When a delegation of the protesters attempted to enter the front door, it was locked.  The delegation tried to engage with the person at the reception desk.  The person told the delegation she or he not was authorized to accept whatever the delegation had and that it should be sent to the ADL national office.


Outside the office, the protesters heard speakers and chanted more.  One speaker was Rawan Tayuoon, the chairwoman of USC SJP, Palestinian and co-founder of PJD.  Tayuoon, who according to the Electronic Intifada is a member of the Young Democratic Socialists, told the protesters ADL views what she and others call “intersectionality” (sic) as threat and blames it for the growth of Palestinian solidarity.

The protesters again chanted: From LA to Palestine, jailing children is a crime; We are unstoppable, another world is possible; ADL, Stop the exchange.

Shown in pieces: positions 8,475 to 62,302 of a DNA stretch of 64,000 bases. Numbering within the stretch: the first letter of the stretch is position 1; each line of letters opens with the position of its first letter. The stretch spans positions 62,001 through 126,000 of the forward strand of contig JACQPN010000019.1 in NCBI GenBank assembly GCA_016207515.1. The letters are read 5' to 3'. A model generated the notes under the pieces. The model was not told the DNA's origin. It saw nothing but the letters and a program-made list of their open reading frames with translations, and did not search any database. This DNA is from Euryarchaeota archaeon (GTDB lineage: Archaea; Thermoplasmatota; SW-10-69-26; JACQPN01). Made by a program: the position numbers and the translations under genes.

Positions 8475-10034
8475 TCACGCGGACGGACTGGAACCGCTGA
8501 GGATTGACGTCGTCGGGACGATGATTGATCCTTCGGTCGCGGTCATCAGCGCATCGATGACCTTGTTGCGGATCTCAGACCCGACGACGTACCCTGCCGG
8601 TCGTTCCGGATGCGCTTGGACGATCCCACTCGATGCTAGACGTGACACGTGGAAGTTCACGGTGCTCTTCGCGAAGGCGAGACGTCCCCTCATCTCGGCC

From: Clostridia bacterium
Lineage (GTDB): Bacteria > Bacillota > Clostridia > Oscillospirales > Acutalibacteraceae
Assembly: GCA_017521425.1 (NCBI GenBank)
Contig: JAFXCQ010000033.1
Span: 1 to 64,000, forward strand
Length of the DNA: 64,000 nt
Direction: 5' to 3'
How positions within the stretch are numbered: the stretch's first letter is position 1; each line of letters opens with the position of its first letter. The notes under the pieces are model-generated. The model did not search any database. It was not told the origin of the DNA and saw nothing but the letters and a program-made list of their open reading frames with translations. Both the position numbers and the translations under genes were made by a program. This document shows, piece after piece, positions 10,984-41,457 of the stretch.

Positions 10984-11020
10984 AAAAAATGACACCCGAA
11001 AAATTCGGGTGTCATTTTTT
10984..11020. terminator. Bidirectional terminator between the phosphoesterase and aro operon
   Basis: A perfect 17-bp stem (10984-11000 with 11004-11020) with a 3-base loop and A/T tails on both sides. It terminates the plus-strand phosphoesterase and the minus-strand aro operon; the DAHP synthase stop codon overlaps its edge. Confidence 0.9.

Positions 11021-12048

JVP Executive Director Rebecca Vilkomerson, in an email, on Thursday, Nov. 9, said the protests were in 15 cities.  She also reported in New York City seven JVP members were arrested when ADL refused to meet with a delegation and seven of the delegates refused to leave.

While the ADL website says it supports social and racial justice movements, the website also says, “ADL is the nation’s top non-governmental law enforcement training organization” and yearly it “train(s) more than 14,000 law enforcement professionals on extremism, terrorism (and) crimes….Since 1999, more than 130,000 law enforcement professionals have received Law Enforcement and Society training, with programs established in New York, Los Angeles, Dallas, Seattle, Tampa, St. Louis and Houston.”  The same website added, “ADL takes a small number of law enforcement executives to Israel to study its counter-terrorism approaches. More than 200 high-ranking American officials have participated in ADL’s week-long National Counter-Terrorism Seminar in Israel since it began in 2004.”